Tuesday, July 25, 2006

I am a pastor. I have been for sixteen years. I can't help it. For the non-pastor-types out there, I am a junkie for the Kingdom of God, for people and I try to be instrumental in helping seekers find their way with the express, written consent of God (you have the same, incidentally). It's just that I've determined to center my life around what to me is a calling.

It's hard to be a pastor when you have no one around to pastor. God has seen fit through these years to surround me with people with whom I'm entrusted to love and serve. In some sense, that has been affirmation enough.

One of the most precious commodities for a pastor is time. This is better translated availability from the perspective of the parishioner. A pastor may want/need more time for one thing or another, but who doesn't want their pastor to be available to them? So that is the one thing, in my estimation, that any pastor must be known for.

There was a time (prior to Veritas) when I received remuneration for my availability as a pastor (among other things pertaining to the "traditional" ministry description). This meant that office hours had to be kept; appointments had to be made and observed. Visits were paramount from home to home and the pastor's house often was seen as an extension of the church because that was where the pastor and his wife lived. For right or wrong, it came with the territory and we accepted it, but we weren't wishy-washy with needed boundaries central to our own health and sanity.

There was a time in one stage of my journey while preparing to come to Oxford when I envisioned a church we would start that would, at some point in its development, financially support my family so I could do that ministry. It wasn't a hard-set goal, like I was wanting to get it big enough to do that- it was just the model and structure I was used to. I hadn't seen anything but that in my experience. I didn't come to Oxford wanting to start house churches, simple churches, organic communities and the like. Those things were not even on my radar. There was no relational frame of reference whereby to posit those values into any meaningful ministry picture of what could be.

There was a time when, as an appointed church planting missionary with the North American Mission Board of the SBC, I shared a funded 2 year position with another planter and his family to come start this church. That was the last time I was paid as a pastor. Even then, on the new field of church planting, I could afford to meet people, to hang out and to offer my availability.

Then came the mix of people into our lives who were instrumental in finally embodying for us what it was God was planting in our hearts insofar as what kind of church we were to be. The choices we were given to make at that juncture called me to fathom the right kind of choices that would be consistent with the values with which we were aligning. They had so much to say about personal financial position and possibility in ways that some people may never know.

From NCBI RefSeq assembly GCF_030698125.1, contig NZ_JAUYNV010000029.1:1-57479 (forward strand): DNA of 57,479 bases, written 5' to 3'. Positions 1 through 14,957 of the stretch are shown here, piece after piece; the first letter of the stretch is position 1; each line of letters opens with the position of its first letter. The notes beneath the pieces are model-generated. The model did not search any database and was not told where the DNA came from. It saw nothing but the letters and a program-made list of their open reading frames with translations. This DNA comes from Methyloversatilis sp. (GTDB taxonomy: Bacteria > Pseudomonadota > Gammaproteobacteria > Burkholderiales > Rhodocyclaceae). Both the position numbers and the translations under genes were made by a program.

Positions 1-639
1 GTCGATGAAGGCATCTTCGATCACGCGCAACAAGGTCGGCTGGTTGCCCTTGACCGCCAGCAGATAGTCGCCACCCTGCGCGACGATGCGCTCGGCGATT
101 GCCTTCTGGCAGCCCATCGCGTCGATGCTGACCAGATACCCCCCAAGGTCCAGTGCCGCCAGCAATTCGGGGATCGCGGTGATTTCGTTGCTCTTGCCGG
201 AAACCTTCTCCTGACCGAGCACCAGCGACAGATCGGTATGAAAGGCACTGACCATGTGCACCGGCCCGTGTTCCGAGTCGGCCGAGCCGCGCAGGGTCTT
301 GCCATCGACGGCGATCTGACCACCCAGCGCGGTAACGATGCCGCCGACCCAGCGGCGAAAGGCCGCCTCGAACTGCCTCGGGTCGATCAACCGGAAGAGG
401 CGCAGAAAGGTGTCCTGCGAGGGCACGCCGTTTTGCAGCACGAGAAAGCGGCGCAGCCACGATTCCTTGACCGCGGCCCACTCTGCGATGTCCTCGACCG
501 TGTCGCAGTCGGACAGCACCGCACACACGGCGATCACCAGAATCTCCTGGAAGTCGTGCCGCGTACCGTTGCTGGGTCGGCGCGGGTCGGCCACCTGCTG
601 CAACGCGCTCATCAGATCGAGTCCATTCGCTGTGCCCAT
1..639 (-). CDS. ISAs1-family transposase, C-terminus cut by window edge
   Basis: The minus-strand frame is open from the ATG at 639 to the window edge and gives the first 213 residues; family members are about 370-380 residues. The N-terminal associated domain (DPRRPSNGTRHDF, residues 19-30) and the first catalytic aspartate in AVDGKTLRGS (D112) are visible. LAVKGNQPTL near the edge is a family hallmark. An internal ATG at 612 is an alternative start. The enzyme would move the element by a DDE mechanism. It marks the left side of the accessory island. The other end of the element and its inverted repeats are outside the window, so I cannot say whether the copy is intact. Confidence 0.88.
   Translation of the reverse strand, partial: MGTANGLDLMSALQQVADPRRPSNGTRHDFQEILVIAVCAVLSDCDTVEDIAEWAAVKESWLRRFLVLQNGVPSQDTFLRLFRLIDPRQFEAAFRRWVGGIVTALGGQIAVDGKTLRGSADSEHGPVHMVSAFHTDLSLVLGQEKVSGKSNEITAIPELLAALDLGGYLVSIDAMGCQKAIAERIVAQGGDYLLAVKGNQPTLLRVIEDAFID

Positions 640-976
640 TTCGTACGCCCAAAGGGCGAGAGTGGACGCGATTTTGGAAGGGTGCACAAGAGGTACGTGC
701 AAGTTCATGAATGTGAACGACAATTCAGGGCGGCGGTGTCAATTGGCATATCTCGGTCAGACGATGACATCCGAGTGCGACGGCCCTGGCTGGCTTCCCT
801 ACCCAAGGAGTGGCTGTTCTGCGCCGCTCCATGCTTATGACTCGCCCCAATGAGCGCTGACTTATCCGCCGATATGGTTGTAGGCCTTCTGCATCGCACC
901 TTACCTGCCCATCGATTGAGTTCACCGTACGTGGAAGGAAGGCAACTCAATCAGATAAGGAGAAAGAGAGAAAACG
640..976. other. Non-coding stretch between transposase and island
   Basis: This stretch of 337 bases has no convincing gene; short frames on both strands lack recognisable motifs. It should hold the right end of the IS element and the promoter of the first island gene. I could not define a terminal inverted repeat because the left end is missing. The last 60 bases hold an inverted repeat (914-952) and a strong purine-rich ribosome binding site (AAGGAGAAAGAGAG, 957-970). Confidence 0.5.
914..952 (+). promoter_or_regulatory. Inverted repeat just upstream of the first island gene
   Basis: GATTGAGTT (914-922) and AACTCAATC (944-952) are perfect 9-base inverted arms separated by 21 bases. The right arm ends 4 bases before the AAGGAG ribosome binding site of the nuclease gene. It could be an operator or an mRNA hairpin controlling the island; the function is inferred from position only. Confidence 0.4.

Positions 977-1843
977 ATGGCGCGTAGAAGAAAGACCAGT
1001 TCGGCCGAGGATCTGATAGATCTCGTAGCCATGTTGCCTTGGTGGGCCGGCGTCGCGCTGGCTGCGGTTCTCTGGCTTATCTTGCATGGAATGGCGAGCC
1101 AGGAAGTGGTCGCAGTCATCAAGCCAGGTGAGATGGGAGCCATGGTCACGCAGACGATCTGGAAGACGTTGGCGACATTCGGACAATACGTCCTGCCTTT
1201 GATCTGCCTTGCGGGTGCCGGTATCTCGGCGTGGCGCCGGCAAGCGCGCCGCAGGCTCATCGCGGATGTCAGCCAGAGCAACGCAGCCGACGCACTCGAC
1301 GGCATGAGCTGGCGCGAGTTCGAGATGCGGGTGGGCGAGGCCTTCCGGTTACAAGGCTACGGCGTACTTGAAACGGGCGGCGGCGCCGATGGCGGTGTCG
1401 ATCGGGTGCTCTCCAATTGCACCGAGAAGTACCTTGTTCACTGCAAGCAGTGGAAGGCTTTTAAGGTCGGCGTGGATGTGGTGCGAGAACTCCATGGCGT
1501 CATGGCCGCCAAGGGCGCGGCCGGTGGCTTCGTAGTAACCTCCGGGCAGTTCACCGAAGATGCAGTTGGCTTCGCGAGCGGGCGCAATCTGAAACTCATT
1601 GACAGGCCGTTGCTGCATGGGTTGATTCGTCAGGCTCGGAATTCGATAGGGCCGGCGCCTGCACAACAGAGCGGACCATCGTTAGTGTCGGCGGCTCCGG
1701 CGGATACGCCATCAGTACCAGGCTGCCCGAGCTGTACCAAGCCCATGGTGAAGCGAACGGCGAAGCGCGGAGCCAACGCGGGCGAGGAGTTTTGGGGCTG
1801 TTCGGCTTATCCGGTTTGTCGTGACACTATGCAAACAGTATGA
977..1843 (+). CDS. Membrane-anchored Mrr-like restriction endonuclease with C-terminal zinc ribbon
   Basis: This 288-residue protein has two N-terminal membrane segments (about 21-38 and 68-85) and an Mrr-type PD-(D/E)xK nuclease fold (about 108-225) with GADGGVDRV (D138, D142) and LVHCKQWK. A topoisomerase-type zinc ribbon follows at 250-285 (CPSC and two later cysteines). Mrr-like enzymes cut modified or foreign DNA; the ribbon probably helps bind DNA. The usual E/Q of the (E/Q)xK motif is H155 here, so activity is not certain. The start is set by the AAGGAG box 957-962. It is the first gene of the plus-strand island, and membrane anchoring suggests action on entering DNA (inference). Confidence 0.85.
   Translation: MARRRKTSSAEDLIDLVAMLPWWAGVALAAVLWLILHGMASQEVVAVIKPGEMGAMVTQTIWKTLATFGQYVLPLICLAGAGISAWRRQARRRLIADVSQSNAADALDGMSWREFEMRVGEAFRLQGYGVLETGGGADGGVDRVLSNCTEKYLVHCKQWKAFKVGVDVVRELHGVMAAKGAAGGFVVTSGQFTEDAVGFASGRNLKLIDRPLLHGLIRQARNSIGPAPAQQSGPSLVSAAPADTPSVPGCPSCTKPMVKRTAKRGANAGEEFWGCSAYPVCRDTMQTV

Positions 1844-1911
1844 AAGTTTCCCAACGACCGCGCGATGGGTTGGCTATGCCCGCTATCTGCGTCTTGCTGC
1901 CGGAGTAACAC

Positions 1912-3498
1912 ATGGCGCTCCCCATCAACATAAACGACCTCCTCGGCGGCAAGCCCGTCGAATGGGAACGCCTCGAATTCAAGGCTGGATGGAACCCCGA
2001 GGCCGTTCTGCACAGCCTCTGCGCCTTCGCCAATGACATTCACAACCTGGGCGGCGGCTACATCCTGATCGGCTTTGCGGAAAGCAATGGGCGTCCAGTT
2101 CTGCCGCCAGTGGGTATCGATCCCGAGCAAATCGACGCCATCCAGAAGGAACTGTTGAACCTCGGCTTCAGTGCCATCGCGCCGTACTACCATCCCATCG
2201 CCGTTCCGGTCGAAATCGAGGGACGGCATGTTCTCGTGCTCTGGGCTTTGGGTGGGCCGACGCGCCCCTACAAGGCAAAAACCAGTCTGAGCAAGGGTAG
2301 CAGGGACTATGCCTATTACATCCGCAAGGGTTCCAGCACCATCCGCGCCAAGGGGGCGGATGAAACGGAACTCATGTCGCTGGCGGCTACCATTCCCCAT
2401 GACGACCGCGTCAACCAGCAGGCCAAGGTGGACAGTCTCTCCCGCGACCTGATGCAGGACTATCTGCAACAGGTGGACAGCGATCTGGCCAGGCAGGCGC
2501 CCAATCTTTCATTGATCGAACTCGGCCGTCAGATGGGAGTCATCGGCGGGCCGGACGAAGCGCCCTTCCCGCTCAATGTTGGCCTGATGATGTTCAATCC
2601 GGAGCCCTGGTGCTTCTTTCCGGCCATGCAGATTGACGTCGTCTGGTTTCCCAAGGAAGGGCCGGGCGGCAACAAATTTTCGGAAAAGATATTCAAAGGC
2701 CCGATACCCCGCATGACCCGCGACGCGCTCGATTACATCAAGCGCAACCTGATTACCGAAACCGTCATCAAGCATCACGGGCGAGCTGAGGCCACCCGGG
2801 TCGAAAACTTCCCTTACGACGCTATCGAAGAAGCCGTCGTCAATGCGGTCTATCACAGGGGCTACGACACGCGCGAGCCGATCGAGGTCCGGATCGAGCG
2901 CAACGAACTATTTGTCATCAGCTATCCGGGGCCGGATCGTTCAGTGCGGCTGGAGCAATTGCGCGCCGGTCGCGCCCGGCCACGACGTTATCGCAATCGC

The timing of gravitating toward the community we were becoming, compounded with the fact we weren't a self-supporting church at the time, compelled me to creatively weigh my income options in order to maintain this value of availability. My support was ending and I was scrambling to secure my main income outside of the church for the first time in my ministry. And I think God, in due time, opened up the unique opportunity whereby I could be around college students, have a relatively predictable job and have my summers free to devote to ministry. The job also afforded me time during the workweek too. I also have a group of co-workers who often look to me as their minister.

The pitfall has been the pay, of course, due to my schedule coinciding with the school year. Essentially, I'm laid off during the summer and holidays. We aren't where we want to be financially as a family and this hinders us in other ways. We aren't suffering by any means and we make do and we have joy in our place. Could I be a better pastor if I were paid to do so, or is that an illusion?

I truly think that I have the best kind of schedule that a pastor can have in doing this kind of ministry, even though I have to work two other jobs, which are flexible as well. In all of the jobs I looked for, not to mention what was available (and maybe those options that God closed), this set up allows me the most flexibility in terms of the availability I offer to my people. I don't know how else I can do it.

So, my time is what I have to offer you. This is what I can give to you. It is given in joy and service but it is borne from sacrifice and toil. It isn't a luxury I commandeered from laxity or slothfulness. It is my gift on the table. Please do not err in the assumption it is for anything else. This is my choice, and nothing but that. I have half a dozen things I could do outside of the will of God. But WOE is me and WOE unto me if I do not do this thing that I do (in other words, I think I'd be miserable if I weren't doing this).

I do not for any moment regret where I am and what I'm doing. I can't see myself anywhere else but with the people I have around me to pastor. EVERY single day, their faces and their well-being weigh in on my heart. Every day my thoughts and joys are trained on them. I don't do what I do to garner recognition; there's none to be had. I won't be a sought-after conference speaker, touting ideologies and methodologies. The work here may not be glamorous enough. I just want to be known that I loved my people...my family, my fellow Veritasians and my compatriots in ministry and to hopefully see God do such a magnificent work that no one but him could take the glory.

.....and boy, do I have a way to go yet.